The FCC received nine bids and made award to Riley after the contracting officer requested that Riley verify its bid of $27,618, which was substantially lower than the other bids and the government estimate of $100,000.

In the initial weeks of the contract, the FCC learned that Riley was charging the public for copies of transcripts prices far in excess of the prices charged the FCC. Since the FCC believed that the contract required that sales to the public be at prices set forth in the bid schedule for additional copies ordered by the agency, the agency requested Riley to revise its charges to comply with this requirement. Riley responded that its interpretation of the contract was that the public could obtain copies from the FCC at the price stated in the contract, but that copies obtained from the contractor must be purchased at whatever price the contractor established. The parties were unable to reach an agreement on this issue, and the FCC terminated Riley's contract for convenience citing defective specifications regarding prices to be charged the general public.

When the FCC issued RFQ 88-05 for an interim, 3-month stenographic services contract, /2/ Capital Hill protested to our Office that it should have received award of the 12-month contract under the original IFB, and that the FCC should not have resolicited the requirement. The resolicitation created an auction, argues the protester, and the same result will occur, it says, under the proposed IFB, which the agency has not yet issued. The protester contends that the initial IFB clearly provided that prices charged the public must be the same as those charged the FCC and that the agency did not have a compelling reason for, in effect, canceling that solicitation.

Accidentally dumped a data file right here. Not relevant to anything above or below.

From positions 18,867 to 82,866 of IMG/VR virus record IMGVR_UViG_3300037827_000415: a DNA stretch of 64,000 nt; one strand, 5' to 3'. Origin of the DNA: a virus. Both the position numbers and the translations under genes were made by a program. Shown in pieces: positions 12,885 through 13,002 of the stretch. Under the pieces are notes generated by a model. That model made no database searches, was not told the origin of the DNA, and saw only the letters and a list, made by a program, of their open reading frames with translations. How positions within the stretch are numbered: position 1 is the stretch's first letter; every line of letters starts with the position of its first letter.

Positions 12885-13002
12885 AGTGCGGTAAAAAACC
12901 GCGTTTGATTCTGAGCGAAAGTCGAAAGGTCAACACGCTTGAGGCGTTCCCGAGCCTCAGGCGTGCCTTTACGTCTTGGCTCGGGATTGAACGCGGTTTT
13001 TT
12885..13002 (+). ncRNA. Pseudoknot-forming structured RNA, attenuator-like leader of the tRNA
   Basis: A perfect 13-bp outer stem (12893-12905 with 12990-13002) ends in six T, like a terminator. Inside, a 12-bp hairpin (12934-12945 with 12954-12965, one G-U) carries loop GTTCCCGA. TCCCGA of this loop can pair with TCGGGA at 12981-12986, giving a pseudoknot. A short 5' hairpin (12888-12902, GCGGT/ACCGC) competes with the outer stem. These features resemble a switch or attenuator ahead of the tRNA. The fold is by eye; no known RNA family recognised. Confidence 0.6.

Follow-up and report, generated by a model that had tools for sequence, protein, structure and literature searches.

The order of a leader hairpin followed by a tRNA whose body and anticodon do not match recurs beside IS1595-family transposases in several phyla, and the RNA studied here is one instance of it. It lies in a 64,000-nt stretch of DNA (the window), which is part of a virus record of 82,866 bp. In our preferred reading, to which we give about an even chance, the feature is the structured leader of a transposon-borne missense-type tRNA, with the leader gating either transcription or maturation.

Even if we were to agree with the protester that the initial solicitation was reasonably clear concerning the requirement to charge the same prices to both the FCC and the general public, there is no merit to the protester's contention that it is now entitled to an award under that solicitation. Assuming the IFB was clear and otherwise adequate for purposes of award, it appears from the record that award was properly made since Riley's bid took no exception to the requirements of the IFB, the bid was low, and the firm verified the bid when the possibility of a mistake was called to its attention. The fact that a dispute arising later between the contracting parties over contract terms caused the agency to terminate the contract does not mean that the agency is now required to reinstate the IFB and make award to the second low bidder. short, there is no merit to Capital's argument that the agency is legally required to make award to it under initial IFB, absent some compelling reason not to do so.

The protests are denied.

/1/ The RFQ was for services for a 3-month period following the termination of the contract with Riley; the proposed IFB is for the subsequent 12-month period.

/2/ The agency revised the solicitation to read: "The Contractor is obligated to provide transcripts to third parties on whatever basis they are ordered. Third parties must be able to purchase copies at the same price the Government pays for additional copies." Capital Hill received the 3-month contract under the RFQ.